Gathering Hopewell: Society, Ritual and Ritual Interaction

Springer Science & Business Media
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Among the most socially and personally vocal archaeological remains on the North American continent are the massive and often complexly designed earthen architecture of Hopewellian peoples of two thousand years ago, their elaborately embellished works of art made of glistening metals and stones from faraway places, and their highly formalized mortuaries. In this book, twenty-one researchers in interwoven efforts immerse themselves and the reader in this vibrant archaeological record in order to richly reconstruct the societies, rituals, and ritual interactions of Hopewellian peoples.

By finding the faces, actions, and motivations of Hopewellian peoples as individuals who constructed knowable social roles, the authors explore, in a personalized and locally contextualized manner, the details of Hopewellian life: leadership, its sacred and secular power bases, recruitment, and formalization over time; systems of social ranking and prestige; animal-totemic clan organization, kinship structures, and sodalities; gender roles, prestige, work load, and health; community organization in its tri-scalar residential, symbolic, and demographic forms; intercommunity alliances and changes in their strategies and expanses over time; and interregional travels for power questing, pilgrimage, healing, tutelage, and acquiring ritual knowledge.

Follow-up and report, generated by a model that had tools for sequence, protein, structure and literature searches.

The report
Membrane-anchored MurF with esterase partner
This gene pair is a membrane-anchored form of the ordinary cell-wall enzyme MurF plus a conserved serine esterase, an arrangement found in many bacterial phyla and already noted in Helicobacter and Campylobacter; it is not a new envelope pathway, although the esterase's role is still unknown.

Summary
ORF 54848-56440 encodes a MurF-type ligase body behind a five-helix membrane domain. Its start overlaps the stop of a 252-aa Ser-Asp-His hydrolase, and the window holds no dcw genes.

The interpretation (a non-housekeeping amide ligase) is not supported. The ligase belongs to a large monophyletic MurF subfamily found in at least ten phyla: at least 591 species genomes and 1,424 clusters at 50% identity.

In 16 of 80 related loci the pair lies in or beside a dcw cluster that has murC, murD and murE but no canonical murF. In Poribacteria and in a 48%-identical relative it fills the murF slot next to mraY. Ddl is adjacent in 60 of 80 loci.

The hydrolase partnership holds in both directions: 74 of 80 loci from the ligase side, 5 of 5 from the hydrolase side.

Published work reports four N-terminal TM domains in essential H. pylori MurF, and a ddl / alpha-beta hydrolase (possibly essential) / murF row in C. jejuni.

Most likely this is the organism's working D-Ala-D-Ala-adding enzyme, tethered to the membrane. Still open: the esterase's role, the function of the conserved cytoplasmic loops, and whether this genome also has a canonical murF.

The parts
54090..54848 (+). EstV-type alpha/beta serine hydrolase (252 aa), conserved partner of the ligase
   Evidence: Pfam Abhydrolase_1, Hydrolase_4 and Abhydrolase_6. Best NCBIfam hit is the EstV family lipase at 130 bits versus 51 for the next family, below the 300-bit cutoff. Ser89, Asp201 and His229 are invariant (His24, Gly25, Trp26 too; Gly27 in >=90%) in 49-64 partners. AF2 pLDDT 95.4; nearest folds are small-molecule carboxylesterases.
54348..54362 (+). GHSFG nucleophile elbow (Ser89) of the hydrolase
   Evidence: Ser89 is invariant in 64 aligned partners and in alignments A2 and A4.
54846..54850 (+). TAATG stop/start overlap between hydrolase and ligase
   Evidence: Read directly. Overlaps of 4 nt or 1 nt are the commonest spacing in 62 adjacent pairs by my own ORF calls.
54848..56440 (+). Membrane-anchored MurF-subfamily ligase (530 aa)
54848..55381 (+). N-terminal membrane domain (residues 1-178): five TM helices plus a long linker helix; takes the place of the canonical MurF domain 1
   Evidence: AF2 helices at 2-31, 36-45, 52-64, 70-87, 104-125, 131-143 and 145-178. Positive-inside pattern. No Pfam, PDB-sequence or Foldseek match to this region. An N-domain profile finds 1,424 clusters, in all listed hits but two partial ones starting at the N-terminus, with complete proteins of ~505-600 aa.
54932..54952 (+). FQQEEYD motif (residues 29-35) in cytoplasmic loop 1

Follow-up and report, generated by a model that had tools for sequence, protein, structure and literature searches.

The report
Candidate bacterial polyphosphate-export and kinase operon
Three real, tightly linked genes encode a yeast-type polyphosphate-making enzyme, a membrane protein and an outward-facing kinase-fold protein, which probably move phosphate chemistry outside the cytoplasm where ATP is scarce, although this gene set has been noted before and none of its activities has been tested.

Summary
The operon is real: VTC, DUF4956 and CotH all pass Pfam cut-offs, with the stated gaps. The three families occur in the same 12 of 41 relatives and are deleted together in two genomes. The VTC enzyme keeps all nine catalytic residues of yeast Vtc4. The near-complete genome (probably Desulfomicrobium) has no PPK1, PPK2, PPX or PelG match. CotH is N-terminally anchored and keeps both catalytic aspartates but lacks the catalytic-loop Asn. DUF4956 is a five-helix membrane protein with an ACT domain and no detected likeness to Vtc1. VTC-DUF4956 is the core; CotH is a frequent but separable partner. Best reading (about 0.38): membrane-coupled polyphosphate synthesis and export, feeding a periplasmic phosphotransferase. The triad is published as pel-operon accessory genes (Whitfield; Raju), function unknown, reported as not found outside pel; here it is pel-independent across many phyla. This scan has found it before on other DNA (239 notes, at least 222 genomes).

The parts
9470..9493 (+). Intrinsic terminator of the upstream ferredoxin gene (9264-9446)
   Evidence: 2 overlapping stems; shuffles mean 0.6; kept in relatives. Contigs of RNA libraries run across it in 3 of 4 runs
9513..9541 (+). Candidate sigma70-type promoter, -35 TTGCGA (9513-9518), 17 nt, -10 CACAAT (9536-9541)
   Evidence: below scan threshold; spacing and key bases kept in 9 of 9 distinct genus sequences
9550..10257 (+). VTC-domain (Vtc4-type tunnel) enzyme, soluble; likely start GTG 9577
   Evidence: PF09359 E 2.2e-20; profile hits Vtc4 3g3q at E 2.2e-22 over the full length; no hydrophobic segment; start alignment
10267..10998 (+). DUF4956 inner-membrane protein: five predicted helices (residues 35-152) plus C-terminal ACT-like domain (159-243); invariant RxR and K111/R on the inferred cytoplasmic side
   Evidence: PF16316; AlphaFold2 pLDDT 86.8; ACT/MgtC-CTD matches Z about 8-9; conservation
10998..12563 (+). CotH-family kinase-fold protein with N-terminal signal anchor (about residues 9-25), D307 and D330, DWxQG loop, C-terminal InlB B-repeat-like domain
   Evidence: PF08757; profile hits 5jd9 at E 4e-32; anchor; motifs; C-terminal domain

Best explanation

This book is useful to scholars, graduate students, and advanced undergraduates interested in the workings and development of social complexity at local and interregional scales, recent theoretical developments in the anthropology of the topics listed above, the prehistory of eastern North America, its history of intellectual development, and Native American ritual, symbolism, and belief.

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About the author

CHRISTOPHER CARR is Associate Professor of International Security at the U.S. Air War College. He has written and researched on the trade in arms and on the impact of light weapons proliferation on vulnerable societies and is the author of Security Implications of Microdisarmament (2000). He is a contributor to James Forest's Countering Terrorism and Insurgency in the 21st Century, 3 Volumes (Praeger Security International, 2007). Carr earned his Ph.D. in International Relations from the London School of Economics and Political Science.

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Additional Information

Publisher
Springer Science & Business Media
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Published on
Mar 30, 2006
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Pages
807
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ISBN
9780387273273
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Best For
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Language
English
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Genres
History / Ancient / General
History / General
Social Science / Anthropology / General
Social Science / Archaeology
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Content Protection
This content is DRM protected.
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